By Connor Adams Sheets
The Bowne House in Flushing celebrates its 350th birthday this year, and even though it is in a state of severe disrepair, the future looks bright for an edifice many people contend may be the oldest one left standing in New York City.
The Dutch colonial serves as a memorial to nine generations of the Bowne family, whose patriarch John was arrested by Gov. Peter Stuyvesant in 1662 for allowing Quakers to worship there, sparking a critical debate in the young fight for religious freedom in America.
But it is closed to the public because it is in dire need of work to repair or replace its roof, side shingles, windows and more, and its interior needs to be repainted and plastered, according to Rosemary Vietor, president of the board of directors of the Bowne House Historical Society, which works to protect and promote the home, which was taken over by the city Parks Department’s Historic House Trust two years ago.
That partnership has borne fruit, and through a combination of private donations and monies allocated by local elected officials, the funds to restore the building to its former glory have been secured, and roof work is expected to begin within a year. A visitor’s center replete with an office, classroom, collection space and more will also be built on the grounds.
“It’s going to be a complete restoration,” Vietor said. “The architect’s plans are complete, we’re just waiting on the city to put the work out to bid, then the bids have to be reviewed and they have to pick a contractor. City Landmarks has to review the project also.”
But seeing the home restored within a couple years after the 350th anniversary of its 1661 construction will be a glorious accomplishment, according to Anne Paul, a volunteer who works to take care of the house and its gardens, as it is a unique historical treasure that should be open to the public.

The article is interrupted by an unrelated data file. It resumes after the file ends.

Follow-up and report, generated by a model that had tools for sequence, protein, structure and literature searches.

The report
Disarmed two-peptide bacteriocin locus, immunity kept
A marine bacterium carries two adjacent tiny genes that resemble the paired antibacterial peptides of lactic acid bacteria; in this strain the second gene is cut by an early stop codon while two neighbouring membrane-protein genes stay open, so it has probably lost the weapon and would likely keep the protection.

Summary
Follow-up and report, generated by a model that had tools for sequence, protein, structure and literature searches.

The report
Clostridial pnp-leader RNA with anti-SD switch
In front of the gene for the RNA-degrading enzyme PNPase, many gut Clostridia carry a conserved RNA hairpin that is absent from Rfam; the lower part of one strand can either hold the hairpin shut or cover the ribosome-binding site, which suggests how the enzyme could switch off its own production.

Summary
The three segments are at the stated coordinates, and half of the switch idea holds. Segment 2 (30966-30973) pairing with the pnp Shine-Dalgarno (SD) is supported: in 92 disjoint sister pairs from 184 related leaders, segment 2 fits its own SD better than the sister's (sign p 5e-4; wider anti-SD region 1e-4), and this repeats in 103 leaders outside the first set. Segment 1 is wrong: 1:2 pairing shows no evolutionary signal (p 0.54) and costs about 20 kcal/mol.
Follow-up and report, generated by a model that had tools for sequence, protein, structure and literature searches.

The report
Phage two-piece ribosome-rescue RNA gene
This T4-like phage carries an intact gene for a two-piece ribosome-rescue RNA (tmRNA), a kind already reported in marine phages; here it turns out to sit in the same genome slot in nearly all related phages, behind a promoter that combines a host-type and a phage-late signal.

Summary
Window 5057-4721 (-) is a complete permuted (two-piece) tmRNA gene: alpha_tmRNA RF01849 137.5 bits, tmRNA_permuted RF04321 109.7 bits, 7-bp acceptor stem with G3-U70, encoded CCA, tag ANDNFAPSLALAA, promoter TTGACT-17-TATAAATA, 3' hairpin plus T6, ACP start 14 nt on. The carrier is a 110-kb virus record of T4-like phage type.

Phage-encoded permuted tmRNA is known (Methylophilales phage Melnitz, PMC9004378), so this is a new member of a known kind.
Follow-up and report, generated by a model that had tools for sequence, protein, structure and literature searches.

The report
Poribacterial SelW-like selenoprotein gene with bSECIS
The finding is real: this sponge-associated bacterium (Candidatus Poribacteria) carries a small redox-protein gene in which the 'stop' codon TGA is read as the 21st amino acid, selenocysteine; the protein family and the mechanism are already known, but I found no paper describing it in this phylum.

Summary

In celebration of the astounding milestone — only the Wyckoff House in Brooklyn is said to be an older building in the city, though some experts say that is a dubious claim in light of wood tests — a gala 350th birthday celebration for the home will be held on the roof of the Parks Department’s Arsenal in Central Park Oct. 6.
And a beautification event is scheduled for the morning of Oct. 15, during which local residents and elected officials will work to clean up and improve the Bowne House’s yard and other historical sites nearby.
Paul says all the hoopla about the anniversary should hopefully bring some attention to the important social and botanical history of the site, which was once home to a nursery that supplied exotic trees to locations up and down the East Coast, where they keep the home’s legacy alive to this day.
“If this house is restored soon, all these young people will have an additional site for augmenting their American history education,” Paul said while giving a tour of the home’s gardens. “It would be great, this house is an asset and this is a critical time in history for tolerance and telling the story of the Bowne family, which is eye-opening for people today.”
Reach reporter Connor Adams Sheets by e-mail at email@example.com or by phone at 718-260-4538.